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Council Tax Reduction - how your income is worked out if you are treated as a pensioner

This advice applies to Scotland

If you or your partner has reached State Pension age

If you or your partner has reached State Pension age, the pension age Council Tax Reduction (CTR) rules usually apply. You can find your State Pension age on GOV.UK.

Even if you have reached State Pension age, the working age CTR rules will apply if you or your partner get:

  • Universal Credit
  • income-based Jobseeker’s Allowance (JSA)
  • income-related Employment and Support Allowance (ESA)
  • Income Support.

If you’re part of a couple and only one of you has reached State Pension age, for your application to be assessed under the pension age rules, the person who has reached State Pension age should apply for CTR.

If the pension age rules apply for CTR calculations there are special rules about how your income is treated when calculating CTR.

The rules depend on whether you or your partner:

The rules about calculating your income for CTR are complicated.

You can use an online benefits calculator to check how much CTR you might be entitled to. You can find an online benefits calculators on GOV.UK.

To find out more about CTR, contact your local council. Your local council website might have a tool that you can use to calculate how much CTR you can get. You can find your council’s contact details on mygov.scot.

If you get the guarantee part of pension credit

Your income is ignored and you will be entitled to the maximum CTR if you or your partner get:

  • the guarantee part of pension credit
  • both the guarantee part and the savings part

There might be a deduction for any non-dependants who live in your household. 

If you get the savings part of pension credit but not the guarantee part

If you or your partner get the savings part of pension credit but not the guarantee credit, the Pension Service will need to give your local council the figure for your income that they used to calculate your savings credit.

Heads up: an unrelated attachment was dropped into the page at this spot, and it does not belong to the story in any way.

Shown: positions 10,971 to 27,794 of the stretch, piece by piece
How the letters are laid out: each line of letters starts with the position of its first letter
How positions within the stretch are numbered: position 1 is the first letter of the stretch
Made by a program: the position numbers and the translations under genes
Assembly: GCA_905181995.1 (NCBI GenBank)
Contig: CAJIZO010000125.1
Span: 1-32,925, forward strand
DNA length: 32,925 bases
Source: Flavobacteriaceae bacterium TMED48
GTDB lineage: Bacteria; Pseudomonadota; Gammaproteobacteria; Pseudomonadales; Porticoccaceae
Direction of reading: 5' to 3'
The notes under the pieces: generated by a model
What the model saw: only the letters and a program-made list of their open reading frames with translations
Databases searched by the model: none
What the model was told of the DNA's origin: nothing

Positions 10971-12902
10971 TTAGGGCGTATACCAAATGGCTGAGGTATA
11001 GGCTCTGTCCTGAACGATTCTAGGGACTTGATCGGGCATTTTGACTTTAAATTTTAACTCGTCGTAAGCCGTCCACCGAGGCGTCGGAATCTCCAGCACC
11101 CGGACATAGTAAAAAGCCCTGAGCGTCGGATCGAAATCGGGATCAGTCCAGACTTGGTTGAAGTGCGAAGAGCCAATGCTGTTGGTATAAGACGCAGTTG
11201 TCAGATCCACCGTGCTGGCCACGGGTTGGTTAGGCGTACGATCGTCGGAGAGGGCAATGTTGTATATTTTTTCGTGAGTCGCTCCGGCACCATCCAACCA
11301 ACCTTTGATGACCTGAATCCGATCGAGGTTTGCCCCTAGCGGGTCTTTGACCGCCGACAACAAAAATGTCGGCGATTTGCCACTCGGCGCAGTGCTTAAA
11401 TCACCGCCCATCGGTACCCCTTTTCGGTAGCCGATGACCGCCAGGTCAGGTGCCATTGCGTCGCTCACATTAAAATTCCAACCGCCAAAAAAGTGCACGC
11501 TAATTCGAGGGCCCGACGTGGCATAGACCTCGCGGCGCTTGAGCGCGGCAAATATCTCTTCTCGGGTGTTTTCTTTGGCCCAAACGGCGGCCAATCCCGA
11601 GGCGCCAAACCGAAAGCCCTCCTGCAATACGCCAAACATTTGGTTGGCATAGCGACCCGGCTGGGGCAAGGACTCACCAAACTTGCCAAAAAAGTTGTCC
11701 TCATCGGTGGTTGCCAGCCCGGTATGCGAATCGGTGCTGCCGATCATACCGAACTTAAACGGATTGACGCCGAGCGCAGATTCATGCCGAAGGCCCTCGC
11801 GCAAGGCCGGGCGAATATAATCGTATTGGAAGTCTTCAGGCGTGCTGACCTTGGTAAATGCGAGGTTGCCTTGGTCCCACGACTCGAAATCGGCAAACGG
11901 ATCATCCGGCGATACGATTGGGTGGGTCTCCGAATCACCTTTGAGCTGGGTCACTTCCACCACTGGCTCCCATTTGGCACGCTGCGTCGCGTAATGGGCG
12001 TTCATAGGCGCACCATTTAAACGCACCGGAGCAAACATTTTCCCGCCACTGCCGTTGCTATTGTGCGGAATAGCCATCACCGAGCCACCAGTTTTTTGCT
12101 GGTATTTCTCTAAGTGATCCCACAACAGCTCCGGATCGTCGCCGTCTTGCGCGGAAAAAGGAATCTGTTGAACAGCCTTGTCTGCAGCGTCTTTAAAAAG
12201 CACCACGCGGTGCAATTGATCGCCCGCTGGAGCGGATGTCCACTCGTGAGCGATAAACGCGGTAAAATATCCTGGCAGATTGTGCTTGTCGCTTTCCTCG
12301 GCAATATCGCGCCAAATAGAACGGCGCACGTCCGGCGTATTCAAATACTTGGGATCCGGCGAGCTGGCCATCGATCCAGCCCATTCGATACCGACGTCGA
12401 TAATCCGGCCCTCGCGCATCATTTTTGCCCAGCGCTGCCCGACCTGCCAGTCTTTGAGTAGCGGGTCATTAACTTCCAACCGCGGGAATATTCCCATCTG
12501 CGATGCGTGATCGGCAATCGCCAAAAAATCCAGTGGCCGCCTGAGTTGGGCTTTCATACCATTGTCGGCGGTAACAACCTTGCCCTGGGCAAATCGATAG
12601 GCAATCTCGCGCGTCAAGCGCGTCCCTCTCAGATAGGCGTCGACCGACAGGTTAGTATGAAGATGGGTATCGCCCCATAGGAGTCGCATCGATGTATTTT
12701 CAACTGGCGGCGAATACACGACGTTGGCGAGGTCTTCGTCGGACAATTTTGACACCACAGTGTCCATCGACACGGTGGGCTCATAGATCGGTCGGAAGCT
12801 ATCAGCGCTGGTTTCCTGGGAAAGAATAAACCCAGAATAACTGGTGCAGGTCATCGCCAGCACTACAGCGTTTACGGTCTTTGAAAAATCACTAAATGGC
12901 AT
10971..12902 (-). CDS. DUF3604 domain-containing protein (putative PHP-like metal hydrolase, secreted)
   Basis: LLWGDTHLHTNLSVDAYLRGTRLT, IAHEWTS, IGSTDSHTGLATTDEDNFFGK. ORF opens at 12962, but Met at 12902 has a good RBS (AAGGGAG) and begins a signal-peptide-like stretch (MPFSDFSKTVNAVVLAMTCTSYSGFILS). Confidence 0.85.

The local council uses this figure to begin to work out how much CTR you are entitled to, but some adjustments will have to be made to the figures.

If you don't get pension credit

If neither you nor your partner gets pension credit, the local council will need to work out your income as a weekly amount to see if you are entitled to CTR and, if you are, how much CTR you are entitled to.

Your income includes your partner's income.

If you are claiming Universal Credit (UC), your local council should use the UC maximum amount for your applicable amount. Find out more about the Universal Credit maximum amount.

If you don’t get UC, your income is worked out in a similar way to someone who is not treated as a pensioner.

If your income is the same as, or less than, the amount the government says you need to live on (called your applicable amount) you will receive maximum CTR, but there might be a deduction for any non-dependants. 

If your income is more than your applicable amount:

Step 1: Work out the difference between your applicable amount and your income.

Step 2: Work out what 20% of the difference figure at step 1 is

Step 3: Take this 20% amount from your maximum CTR less any deduction for non-dependants. The result is the amount of CTR you are entitled to.

Water and sewerage charges

Don’t forget that you might still have to pay water and sewerage charges, collected with your council tax. Read more about help paying for water and sewerage.

Other useful information

More information about pension credit.

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